We use an Amazon Fire Stick: That’s what one of the HDMI ports was for. We’ve had the stick for a while now, but Amazon are having a colossal spat with Google, and so YouTube is no longer available on the Fire. I therefore bought a generic cast dongle to put YouTube on to the TV via my phone. I did not have a free HDMI port, and I didn’t want to keep swapping them over. I’d bang my head on the fire place for one thing: I keep doing it, and it really hurts. I hate exposing children to bad language.
Why don’t I just get a smart TV I hear you ask. The fact of the matter is that I have no need, no desire to upgrade my TV just yet: it has a lovely, warm picture, and works like a charm. When my daughter, in trying to switch it on, pulls it on to the floor (and narrowly evades her own demise, I must add) we will get a new TV. At the minute, there is no impetus to upgrade, so no impetus for a “smart” TV.
I say “smart”, rather than smart, not to add extra space in the line above, but to make a point. I hate modern TVs: I find their picture quality intimidating; I find their proprietary functionality infuriating. I was tasked with helping my mother get more TV through her TV, via the web. I fiddled with it for an hour, before giving up and resorting to the internet for research purposes. The internet is flexible.
What I found was that, although she could use a limited array of apps, including a dreadful browser, her “smart” TV was in fact pretty much useless for a great many things she wanted it for. I’m buying her an Amazon Fire Stick in a few weeks to get her the things she needs. It costs a tiny fraction of the price of the TV, and is practically disposable when new improved technology inevitably comes out.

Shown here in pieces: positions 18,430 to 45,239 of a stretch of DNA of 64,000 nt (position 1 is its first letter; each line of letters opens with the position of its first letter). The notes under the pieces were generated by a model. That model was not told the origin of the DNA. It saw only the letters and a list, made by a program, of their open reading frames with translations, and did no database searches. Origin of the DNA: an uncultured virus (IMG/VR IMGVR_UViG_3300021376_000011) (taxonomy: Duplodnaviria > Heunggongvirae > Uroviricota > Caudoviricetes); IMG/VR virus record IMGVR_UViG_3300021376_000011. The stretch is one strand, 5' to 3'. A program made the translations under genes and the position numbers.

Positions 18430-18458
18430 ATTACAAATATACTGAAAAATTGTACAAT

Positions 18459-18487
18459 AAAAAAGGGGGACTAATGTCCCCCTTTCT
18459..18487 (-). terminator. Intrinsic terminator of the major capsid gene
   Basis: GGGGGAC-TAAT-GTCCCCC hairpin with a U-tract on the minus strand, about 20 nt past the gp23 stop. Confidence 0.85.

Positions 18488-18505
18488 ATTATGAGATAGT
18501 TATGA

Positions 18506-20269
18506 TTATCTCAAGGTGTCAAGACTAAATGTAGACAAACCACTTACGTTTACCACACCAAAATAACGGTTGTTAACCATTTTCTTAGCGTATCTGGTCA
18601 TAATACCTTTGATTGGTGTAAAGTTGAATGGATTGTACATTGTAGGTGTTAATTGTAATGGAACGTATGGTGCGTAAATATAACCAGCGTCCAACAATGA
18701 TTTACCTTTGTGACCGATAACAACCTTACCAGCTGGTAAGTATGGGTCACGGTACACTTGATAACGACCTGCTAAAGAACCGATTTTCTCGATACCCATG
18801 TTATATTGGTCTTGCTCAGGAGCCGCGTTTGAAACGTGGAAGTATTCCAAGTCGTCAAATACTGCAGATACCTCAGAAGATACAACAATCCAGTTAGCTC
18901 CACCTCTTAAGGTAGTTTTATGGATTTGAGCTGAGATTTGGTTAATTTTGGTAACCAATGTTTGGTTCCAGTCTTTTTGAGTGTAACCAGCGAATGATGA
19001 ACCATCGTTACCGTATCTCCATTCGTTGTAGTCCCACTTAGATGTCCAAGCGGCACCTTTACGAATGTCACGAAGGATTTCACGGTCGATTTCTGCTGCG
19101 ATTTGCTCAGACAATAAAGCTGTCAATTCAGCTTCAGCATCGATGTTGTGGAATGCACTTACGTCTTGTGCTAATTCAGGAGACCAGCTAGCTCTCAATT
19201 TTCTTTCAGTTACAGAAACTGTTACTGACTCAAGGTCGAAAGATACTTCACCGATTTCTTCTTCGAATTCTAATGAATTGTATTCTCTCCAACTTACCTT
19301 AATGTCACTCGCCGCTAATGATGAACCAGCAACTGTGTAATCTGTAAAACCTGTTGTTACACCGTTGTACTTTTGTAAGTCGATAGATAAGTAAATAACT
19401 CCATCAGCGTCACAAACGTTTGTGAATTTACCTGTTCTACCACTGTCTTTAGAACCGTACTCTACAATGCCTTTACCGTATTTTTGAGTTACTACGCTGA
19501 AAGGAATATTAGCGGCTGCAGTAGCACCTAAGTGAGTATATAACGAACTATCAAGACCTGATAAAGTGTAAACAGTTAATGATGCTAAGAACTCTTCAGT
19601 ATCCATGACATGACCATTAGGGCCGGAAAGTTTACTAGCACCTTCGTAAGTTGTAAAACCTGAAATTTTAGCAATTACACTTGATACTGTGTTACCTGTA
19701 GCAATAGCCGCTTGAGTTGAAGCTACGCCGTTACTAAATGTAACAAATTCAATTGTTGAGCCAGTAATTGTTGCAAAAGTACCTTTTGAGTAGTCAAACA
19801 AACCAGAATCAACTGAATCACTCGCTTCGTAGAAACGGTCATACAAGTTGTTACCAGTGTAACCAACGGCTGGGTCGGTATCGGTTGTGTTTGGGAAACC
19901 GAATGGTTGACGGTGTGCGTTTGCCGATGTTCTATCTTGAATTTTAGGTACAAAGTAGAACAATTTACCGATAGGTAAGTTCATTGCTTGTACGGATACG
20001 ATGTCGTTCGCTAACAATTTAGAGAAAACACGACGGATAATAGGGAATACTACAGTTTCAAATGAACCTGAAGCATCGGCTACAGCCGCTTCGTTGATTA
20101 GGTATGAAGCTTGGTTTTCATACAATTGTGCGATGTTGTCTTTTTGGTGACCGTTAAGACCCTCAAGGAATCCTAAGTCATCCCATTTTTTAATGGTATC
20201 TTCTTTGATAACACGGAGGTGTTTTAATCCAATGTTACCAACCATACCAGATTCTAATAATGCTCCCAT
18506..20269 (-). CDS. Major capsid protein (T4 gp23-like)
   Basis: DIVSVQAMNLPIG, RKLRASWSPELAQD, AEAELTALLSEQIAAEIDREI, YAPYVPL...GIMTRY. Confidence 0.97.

New technologies are at their best when they are lithe, and not lumpen. A dongle is lithe: it can be moved from screen to screen, with negligible set up, and only occasionally in need of power supply. A TV is lumpen: it is rooted to one spot, it is long in the setup, and in need of a beefy, fixed power supply. We need the flexibility to switch between devices: TVs should only be screens, not devices.
Other people are very fond of those KoDi boxes. I’ve never really been behind them. It seems to me that they are the kind of thing which the semi-criminal seem to favour. I have no interest in paying too much for “content”, or in paying every time, but I don’t want to steal anything. They feel thievy. It reminds me of when the original digi-boxes could be chipped to allow access to all channels.
That’s all well and good when you’re a student, living a crazy after-hours life of partying and silliness. Now imagine you have a four year old demanding her favourite programmes, and you have a joiner about to walk through the door to quote for building some alcove units. At that point you need the most dependable system possible. And for that you need Her Majesty’s British Broadcasting Co. Ltd.